Unclaimed players can be traded to any team. Claimed players can be kept, traded or just handed over to the claiming team for nothing but salary relief. That's what happened last year when the Blue Jays put him on waivers, the White Sox claimed him and Toronto was happy to shed his remaining five years for $59.7 million on his contract. So, if some team wanted to claim Carlos Zambrano or Kosuke Fukudome or Alfonso Soriano, the Cubs would likely dance for joy. But that's unlikely to happen (even though I would have said the same thing a year ago about Rios).

Now, if just one team claims a player, he can be dealt only to that team. If more than one team claims a player, he can be traded to the team with the worst record in his league that claims him. If no team in the same league claims the player, but more than one team in the other league claims him, he can be traded to the team with the worst record.

So now with the process out of the way, it's good to keep in mind that this isn't an unusual process. Last season Scott Kazmir, Jim Thome, Carl Pavano, Alex Gonzalez, Brad Penny, Aubrey Huff, Billy Wagner, Jon Garland and Ivan Rodriguez. So who could that be this year?

Obviously, Dunn is still out there. He realizes the real trade deadline is at the end of this month, not the beginning. If the Nationals can't agree to an extension, the Nationals need to get something for Dunn. Based on many of the rumors that were out there, it was hardly surprising he wasn't dealt. Nationals GM Mike Rizzo was asking for the moon and nobody was willing to spend the money to get there. White Sox GM Kenny Williams hasn't exactly hidden his desire for Dunn, and a little thing like waivers won't stop him. However, he'll have to hope nearly the rest of the teams pass on the big man, and that's not likely.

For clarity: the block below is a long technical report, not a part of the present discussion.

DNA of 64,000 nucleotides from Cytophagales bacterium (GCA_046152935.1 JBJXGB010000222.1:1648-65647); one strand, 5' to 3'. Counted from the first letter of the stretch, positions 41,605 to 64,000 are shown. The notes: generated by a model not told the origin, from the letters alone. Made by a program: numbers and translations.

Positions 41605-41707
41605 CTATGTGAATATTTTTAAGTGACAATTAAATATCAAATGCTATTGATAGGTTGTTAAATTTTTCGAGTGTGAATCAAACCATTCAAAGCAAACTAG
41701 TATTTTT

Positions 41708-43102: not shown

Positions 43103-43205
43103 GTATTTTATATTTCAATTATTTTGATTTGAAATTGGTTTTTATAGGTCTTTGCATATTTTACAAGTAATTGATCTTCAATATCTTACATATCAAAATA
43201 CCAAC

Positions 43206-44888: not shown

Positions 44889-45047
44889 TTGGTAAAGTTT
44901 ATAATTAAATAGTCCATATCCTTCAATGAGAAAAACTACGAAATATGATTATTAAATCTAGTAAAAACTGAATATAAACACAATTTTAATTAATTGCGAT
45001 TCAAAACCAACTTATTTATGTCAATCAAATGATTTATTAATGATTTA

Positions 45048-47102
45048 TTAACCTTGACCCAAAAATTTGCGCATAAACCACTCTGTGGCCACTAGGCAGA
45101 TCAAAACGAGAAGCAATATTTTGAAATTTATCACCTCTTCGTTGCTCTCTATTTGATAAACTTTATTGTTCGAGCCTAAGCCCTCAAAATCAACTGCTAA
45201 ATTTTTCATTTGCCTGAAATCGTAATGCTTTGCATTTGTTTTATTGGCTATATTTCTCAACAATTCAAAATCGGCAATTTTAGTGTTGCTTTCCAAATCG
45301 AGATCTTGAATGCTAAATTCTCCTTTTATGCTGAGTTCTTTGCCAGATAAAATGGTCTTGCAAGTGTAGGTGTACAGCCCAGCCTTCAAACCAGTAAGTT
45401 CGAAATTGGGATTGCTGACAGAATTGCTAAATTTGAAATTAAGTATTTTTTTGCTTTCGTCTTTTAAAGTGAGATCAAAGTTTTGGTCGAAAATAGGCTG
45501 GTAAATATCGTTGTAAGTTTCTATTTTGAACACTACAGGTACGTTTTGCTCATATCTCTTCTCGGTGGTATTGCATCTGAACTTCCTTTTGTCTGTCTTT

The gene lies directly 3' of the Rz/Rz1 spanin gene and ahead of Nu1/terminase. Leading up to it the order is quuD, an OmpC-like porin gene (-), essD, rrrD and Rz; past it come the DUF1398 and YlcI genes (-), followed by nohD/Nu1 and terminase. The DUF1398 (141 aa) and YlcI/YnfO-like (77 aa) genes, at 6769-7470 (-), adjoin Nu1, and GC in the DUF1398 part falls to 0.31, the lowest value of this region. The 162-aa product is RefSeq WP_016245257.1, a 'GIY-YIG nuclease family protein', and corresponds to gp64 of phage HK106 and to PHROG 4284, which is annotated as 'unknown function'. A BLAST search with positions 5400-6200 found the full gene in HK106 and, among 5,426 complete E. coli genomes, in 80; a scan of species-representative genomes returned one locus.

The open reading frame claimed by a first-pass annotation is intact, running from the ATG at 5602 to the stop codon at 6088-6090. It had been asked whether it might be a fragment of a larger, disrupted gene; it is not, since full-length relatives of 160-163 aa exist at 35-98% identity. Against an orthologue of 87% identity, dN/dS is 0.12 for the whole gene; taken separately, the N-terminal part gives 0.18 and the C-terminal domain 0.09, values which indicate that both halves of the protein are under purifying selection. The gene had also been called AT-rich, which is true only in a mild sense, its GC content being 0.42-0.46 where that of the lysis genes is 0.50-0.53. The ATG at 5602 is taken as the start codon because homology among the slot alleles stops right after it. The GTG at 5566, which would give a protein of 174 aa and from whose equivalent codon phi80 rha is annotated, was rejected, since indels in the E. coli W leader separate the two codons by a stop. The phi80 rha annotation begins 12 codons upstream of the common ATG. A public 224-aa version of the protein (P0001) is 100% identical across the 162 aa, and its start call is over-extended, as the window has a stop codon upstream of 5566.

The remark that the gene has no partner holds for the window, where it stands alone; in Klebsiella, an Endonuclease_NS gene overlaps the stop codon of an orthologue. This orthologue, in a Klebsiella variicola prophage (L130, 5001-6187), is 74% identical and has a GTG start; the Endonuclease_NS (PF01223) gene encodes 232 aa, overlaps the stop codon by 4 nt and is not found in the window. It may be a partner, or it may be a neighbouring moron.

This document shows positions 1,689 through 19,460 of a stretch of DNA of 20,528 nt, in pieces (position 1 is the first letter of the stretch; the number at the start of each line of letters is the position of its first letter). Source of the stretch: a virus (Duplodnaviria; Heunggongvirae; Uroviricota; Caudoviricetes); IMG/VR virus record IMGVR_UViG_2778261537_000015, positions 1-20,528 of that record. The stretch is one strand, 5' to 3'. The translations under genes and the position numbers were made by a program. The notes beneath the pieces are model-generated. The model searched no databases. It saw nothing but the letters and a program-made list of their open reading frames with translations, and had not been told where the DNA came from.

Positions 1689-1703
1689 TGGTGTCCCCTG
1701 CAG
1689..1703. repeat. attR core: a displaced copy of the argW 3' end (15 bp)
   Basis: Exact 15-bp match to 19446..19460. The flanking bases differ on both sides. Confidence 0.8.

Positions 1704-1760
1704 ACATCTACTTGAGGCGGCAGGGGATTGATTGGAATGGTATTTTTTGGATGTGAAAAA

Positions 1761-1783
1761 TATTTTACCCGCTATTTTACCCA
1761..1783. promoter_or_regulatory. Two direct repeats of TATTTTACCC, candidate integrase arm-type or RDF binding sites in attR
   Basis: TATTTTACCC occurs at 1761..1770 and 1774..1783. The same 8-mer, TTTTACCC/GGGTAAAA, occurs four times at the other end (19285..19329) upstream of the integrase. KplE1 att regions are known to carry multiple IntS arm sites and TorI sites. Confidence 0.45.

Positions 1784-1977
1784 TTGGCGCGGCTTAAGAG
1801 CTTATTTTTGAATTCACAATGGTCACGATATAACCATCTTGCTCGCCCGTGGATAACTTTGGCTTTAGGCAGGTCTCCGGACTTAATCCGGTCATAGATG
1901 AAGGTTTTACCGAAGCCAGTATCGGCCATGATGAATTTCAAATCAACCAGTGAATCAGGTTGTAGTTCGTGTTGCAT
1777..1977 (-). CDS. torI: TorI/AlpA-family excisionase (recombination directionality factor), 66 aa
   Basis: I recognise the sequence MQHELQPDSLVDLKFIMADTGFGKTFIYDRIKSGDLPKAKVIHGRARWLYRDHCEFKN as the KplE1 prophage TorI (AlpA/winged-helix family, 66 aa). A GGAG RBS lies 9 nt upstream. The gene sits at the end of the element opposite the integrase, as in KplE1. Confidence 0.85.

The biggest name that could move would be Manny Ramirez. The Dodgers don't know what they're going to get out of him and could shed roughly $7 million. As CBSSports.com senior writer Scott Miller notes , Ramirez has a full no-trade clause, but would likely waive that to go to the American League and DH. If the White Sox can't get Dunn, Ramirez may be a solid backup option -- albeit a bit expensive.

Andy LaRoche Diamondbacks first baseman Adam LaRoche has a mutual option for 2011 that increases to $9.5 million if he's traded, though the buyout remains at $1.5 million. Kelly Johnson may not get through waivers, but could still be traded. He's arbitration eligible after the season.

The Royals would certainly love for another team to take Jose Guillen and what's left of the $12 million salary for this season. Guillen is a free agent after the season.

Mike Lowell is still -- sorta -- with the Red Sox, but would likely sail through waivers because he's owed the remainder of his $12 million salary this season and nobody's quite sure what they'll get out of him.

The reliever market didn't see much action on Saturday, but Toronto's Kevin Gregg, Seattle's David Aardsma and Colorado's Joe Beimel could be moved before the end of this month.